The Greek debt crisis fanned a broad sell off Wednesday and it will no doubt keep markets on edge Thursday.
U.S. Treasurys, the dollar and precious metals were the winners Wednesday in a flight-to-safety trade. The euro took a beating and risk assets, like stocks and oil, got slammed on concerns Greece will be unable to avoid default. The euro skidded 1.8 percent against the dollar, to 1.4181, its lowest level since May 26.
"The euro's certainly in a decline phase until we get some real clarity on the Greek situation, and by clarity, I mean we need Greece to agree to the kind of austerity package that is on the table," said Alan Ruskin, global head of G-10 currency strategy at Deutsche Bank. "If everything is going to be up for renegotiation, the euro is going to be under a lot of pressure."
Disappointing data also hit the markets early Wednesday when the Empire State manufacturing survey showed a surprising contraction. Thursday's data includes the closely watched weekly jobless claims and housing starts, both at 8:30 a.m. The Philadelphia Fed survey is released at 10 a.m.
Barclays Capital's Barry Knapp said the underlying reason for the market's angst is that the U.S. economy looks to be stalling at a low growth rate. "I would say until the growth outlook is settled in the U.S., (stocks) we're going to struggle...At the end of the day. I think the big stabilizing force for the global markets is the U.S. economy. That's why we're reacting much more to this (Greece) than if the U.S. growth outlook was in tact. Crude probably wouldn't have gone down this much," he said.
Greek unions went on strike Wednesday to protest asset sales and austerity measures. Images of rock throwing protesters and smoke in the streetsserved as a backdrop for markets that became increasingly concerned about the ability of the EU, IMF and Greece to structure a new bailout plan in time to meet Greek debt payments this summer.
Unsettling also was word that Greek Prime Minister George Papandreou would form a new cabinetThursday and seek a vote of confidence from his Socialist party for the austerity bill. Papandreou also offered to step down and form a unity govenrment, but he dropped the idea after the conservative New Democracy party demanded renegotiation of the original year-old $110 billion euro bailout.
The EU has been trying to fashion a new bailout package for Greece, but members are at odds. Germans are pushing a plan to share the burden with private investors but there are concerns modifications could result in a credit default. Moody's is warning that France's biggest banks could be downgraded since they are exposed to Greek debt.
Besides the cabinet reshuffle in Athens Thursday, investors are focused on a meeting Friday between French President Nicolas Sarkozy and German Chancellor Angela Merkel in Berlin. The EU finance ministers meet June 20, and were originally expected to agree to a Greek package at that meeting, but now the new bailout may be delayed unitl July 11 due to differences, according to Reuters.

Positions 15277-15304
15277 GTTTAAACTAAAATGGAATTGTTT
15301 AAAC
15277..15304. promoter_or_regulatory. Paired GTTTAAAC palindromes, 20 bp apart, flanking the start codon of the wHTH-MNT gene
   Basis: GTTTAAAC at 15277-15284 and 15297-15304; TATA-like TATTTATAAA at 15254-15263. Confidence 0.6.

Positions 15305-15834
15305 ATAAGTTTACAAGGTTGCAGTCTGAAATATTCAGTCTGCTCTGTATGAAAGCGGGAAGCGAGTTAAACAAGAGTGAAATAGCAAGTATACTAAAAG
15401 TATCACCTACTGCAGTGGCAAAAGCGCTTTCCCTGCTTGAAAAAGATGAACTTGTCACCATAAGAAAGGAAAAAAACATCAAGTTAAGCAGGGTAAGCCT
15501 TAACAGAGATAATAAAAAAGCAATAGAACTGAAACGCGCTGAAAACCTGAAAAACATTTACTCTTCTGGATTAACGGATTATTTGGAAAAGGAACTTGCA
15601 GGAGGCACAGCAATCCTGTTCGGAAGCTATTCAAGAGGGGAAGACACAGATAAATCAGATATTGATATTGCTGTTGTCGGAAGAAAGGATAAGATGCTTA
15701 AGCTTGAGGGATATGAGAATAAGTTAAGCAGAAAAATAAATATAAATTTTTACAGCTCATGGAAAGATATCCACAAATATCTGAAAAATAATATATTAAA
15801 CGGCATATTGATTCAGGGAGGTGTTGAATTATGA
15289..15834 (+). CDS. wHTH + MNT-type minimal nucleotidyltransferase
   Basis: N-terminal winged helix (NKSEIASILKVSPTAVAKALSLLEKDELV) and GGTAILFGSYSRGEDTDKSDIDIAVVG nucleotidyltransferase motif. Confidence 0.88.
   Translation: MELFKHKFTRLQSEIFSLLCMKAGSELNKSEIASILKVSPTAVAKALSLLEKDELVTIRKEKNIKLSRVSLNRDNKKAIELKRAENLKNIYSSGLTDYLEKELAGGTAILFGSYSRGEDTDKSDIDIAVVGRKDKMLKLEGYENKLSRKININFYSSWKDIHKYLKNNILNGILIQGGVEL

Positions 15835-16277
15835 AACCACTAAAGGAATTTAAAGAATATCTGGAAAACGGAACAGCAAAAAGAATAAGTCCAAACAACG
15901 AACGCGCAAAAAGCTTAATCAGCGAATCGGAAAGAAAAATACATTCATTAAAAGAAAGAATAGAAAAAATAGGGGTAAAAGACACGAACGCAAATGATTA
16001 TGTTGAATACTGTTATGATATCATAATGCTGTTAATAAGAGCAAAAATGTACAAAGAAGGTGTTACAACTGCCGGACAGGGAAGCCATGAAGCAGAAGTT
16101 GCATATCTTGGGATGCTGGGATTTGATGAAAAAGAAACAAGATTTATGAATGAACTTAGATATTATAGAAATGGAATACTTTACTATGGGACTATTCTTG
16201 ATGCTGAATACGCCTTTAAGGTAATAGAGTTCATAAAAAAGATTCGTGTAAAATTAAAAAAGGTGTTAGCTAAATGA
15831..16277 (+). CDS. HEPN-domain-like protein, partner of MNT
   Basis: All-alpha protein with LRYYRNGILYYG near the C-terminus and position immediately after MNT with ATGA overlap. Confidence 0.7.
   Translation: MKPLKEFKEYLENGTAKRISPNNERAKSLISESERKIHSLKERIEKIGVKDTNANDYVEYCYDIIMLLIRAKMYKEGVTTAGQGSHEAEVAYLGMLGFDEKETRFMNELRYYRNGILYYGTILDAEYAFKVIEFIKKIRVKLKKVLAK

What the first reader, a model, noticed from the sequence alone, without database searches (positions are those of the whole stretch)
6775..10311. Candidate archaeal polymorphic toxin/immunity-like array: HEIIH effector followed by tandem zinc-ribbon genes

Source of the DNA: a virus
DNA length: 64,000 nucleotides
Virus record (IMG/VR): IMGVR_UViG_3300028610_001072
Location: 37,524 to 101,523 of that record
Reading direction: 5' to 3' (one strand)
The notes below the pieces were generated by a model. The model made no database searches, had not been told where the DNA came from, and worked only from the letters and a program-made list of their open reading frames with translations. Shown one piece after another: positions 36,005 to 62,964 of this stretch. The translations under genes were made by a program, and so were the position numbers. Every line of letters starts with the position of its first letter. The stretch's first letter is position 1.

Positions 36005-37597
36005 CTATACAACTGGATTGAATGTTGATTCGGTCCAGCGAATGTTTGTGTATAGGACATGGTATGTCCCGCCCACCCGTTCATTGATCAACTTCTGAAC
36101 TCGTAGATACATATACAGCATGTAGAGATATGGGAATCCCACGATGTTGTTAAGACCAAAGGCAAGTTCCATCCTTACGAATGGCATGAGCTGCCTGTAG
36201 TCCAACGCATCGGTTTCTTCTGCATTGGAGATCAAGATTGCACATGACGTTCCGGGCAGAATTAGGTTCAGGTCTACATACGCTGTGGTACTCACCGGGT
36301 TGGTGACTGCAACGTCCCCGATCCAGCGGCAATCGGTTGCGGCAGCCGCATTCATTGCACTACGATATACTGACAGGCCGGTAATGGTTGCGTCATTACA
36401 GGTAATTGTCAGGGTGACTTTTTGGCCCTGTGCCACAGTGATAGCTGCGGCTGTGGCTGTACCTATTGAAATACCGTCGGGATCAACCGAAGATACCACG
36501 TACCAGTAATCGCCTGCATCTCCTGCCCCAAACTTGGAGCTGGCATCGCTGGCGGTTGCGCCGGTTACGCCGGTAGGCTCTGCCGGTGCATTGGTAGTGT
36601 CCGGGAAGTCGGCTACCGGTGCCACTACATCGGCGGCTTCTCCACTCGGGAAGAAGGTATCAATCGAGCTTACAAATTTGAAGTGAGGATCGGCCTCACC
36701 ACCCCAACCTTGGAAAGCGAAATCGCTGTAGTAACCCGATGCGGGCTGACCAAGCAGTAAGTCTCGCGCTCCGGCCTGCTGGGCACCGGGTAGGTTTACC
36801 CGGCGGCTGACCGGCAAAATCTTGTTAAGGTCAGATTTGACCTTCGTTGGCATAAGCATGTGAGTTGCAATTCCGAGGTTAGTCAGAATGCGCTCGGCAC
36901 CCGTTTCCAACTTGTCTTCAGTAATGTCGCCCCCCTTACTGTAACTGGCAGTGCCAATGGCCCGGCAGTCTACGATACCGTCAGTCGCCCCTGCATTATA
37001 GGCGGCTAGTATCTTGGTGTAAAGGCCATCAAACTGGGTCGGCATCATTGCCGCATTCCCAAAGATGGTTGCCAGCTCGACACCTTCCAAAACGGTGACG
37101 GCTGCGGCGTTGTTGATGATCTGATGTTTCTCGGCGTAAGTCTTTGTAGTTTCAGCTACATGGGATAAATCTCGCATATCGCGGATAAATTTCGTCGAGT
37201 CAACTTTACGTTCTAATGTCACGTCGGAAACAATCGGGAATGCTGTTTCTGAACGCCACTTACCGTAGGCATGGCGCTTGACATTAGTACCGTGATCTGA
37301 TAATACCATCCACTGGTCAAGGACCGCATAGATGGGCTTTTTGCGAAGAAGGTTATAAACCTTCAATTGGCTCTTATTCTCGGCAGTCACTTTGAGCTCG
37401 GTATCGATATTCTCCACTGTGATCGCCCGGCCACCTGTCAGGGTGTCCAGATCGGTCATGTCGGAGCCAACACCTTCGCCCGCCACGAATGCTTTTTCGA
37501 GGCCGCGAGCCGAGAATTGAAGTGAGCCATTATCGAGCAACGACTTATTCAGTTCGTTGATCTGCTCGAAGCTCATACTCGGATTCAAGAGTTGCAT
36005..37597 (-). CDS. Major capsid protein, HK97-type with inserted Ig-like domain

"The market came in thinking they're going to get a deal done because the cost of not getting a deal done was so horrendous. The market started to lose confidence in a policy solution. There were the riots in the streets, and the Papandreou statement that he was willing to resign. That was when the whole sentiment turned," said Boris Schlossberg of GFT Forex.
"Instead of compromise, we're now getting to the point of more conflict...I think the trade here is compromise and conflict, and right now the forces of conflict are winning," Schlossberg said.
Knapp, who heads Barclays equities portfolio strategy, does not believe the EU would risk a default and that an agreement will be reached. "I just don't think the European banking system is far enough along in the recapitalization process," he said.
Risk Hits the Fan
As the euro sank Wednesday, so did risk assets, particularly oil, which lost 4.6 percent to settle at $94.81 per barrel. Risk assets and the euro have been locked in a trade where they rise and fall together, moving counter to the dollar.
The Dow fell 1.5 percent to 11,897. The S&P was off 1.7 percent at 1265, its lowest close since March 16, when markets were reacting to fears of a nuclear disaster from the crippled reactor in Japan.
Financial stocks, down 2.2 percent, led the stock market decline and were joined by energy, down 2.2 percent and materials, off 2.3 percent.
Bank stocks played a central role as traders watched record wide spreads on Greek credit default swaps, which are a kind of insurance policy on the sovereign debt.
"On the other side of all these CDS trades are banks. If and when you ever get a default that's billions of dollars of exposure to these names," said one trader.
Kevin Ferry of Cronus Futures Management said, however, the net exposure to the Greek CDS is not that great, but he did say there are some signs fear is creeping back ino the markets. "If you look at the front of the eurodollar curve, there's stress there for the first time," he said. He also pointed to the race by investors to snap up long-dated Treasurys Wednesday. The yield on the 10-year was at 2.971 late in the day.
"It had a real panicky feel in the middle of the day," said Rick Klingman, managing director Treasury trading at BNP Paribas. "It was a pretty quick move."
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